The laboratory was founded in 1951. Professor L. T. Zagorulko was its first Head, Professor Glezer guided the Laboratory in 1960–1987 and since 1988 it is headed by Professor Yu. E. Shelepin.
The Laboratory concentrates on studies of physiological mechanisms underlying processing of spatial information and on modeling main visual algorithms of processing of natural images.
In the 1950s, the Laboratory team mainly studied eye movements, pupil and lens accommodation processes. This study was a part of Pavlovian investigation of the visual system as an analyzer of surrounding world. In 1960s a new approach was developed which considered vision as information processing mechanism. New approach generated a model in which the visual system was represented by a set of parallel channels. Each channel processes different kind of information about an object. In 1970s, neurophysiological experiments resulted in a model in which the visual system was considered as a Fournier analyzer performing local transformation of an object. The basis for such analysis constituted cortical receptive fields. This work was important for construction of digital television systems and algorithms of information compression in video information processing. In 1980-1990, a model of invariant description of objects by visual cortical modules was proposed.
In 1990s, the Laboratory started new studies of algorithms of perception natural scenes from the point of view of the theory of information processing. This approach allowed studying various aspects of visual perception using one unified approach. During past decades such approach resulted in experimental and theoretical work covering wide area of vision research. Of a particular laboratory interest were factors limiting perception of information of surrounding world, algorithms of the visual scene segmentation and object identification, studies of crowding effects using coloured tests, measures of contrast sensitivity of the human visual system to the tests of different spatial frequency presented on noisy backgrounds in normal subjects and in patients with various ophthalmological and neurological diseases. A model of match filtering in the human visual system has been proposed and successfully tested in experiments requiring figure-noise segregation. This model allows to measure visual efficiency in detection and recognition of visual images. Ergonomic standards for working with displays were developed. New methods of measuring contrast sensitivity (visiocontrastometry), vision acuity, and methods of measuring the level of internal noise in the human visual system became standard methods in ophthalmological institutions.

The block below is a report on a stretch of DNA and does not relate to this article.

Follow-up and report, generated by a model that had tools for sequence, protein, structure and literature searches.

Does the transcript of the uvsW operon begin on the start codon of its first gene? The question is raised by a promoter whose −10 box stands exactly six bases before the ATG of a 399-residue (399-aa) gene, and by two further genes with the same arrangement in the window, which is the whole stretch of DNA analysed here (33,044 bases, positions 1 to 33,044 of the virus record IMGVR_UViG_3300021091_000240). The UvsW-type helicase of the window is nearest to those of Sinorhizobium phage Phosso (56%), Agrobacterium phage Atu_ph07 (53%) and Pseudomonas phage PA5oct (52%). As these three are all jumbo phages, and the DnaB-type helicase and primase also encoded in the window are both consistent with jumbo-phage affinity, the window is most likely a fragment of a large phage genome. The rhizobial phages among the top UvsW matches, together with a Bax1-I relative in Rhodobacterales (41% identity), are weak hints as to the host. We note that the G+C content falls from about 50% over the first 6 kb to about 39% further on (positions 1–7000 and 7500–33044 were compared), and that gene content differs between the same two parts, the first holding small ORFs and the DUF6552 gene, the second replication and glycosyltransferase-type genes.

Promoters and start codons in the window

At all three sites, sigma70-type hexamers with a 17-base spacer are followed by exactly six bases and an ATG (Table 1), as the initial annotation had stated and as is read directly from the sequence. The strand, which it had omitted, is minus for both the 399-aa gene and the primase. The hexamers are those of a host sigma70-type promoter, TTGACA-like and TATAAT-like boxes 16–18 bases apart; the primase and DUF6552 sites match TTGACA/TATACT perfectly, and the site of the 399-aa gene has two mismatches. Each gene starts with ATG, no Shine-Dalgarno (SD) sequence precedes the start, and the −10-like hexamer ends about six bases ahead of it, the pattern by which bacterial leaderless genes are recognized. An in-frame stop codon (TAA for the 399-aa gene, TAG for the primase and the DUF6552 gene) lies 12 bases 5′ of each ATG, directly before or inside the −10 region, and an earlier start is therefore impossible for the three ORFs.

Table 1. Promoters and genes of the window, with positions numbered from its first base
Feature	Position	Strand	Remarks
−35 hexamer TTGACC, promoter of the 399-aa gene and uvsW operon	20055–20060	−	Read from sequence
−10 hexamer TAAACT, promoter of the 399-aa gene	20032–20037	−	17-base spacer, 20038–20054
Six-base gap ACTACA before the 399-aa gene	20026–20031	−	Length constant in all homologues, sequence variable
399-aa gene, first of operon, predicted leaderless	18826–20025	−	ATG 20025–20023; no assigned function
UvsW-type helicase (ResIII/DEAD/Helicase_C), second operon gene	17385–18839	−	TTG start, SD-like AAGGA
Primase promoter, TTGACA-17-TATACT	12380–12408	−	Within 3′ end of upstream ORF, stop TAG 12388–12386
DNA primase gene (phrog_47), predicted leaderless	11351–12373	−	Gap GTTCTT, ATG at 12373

In its research the Laboratory uses modern technology to generate visual stimuli, process experimental results and modeling which allows to carry psychophysical, psychophysiological, ergonomic and neuroophthalmologic studies at the level accepted by world vision research society. Apart from fundamental problems of vision physiology, the Laboratory, in cooperation with Russian and foreign institutions, takes active part in solving practical tasks in information processing technologies, metrology, aviation and space technology, and medicine (ophthalmology, neurology, psychiatry).
During last years the Laboratory, in cooperation with the University of the Aerospace Apparatus Construction, Military Medical Academy, Cambridge and St. Petersburg Universities, as well as with other Laboratories of this Institute, continues the interdisciplinary research involving cognitive psychology, resistance of the visual system to noise, interaction of various brain areas in perception, architecture of the binocular visual system.
On the basis of the Laboratory, the regular Interdisciplinary Seminar « Physiology of vision and iconic » gathers scientists of practically all leading laboratories in the world-wide field of vision research.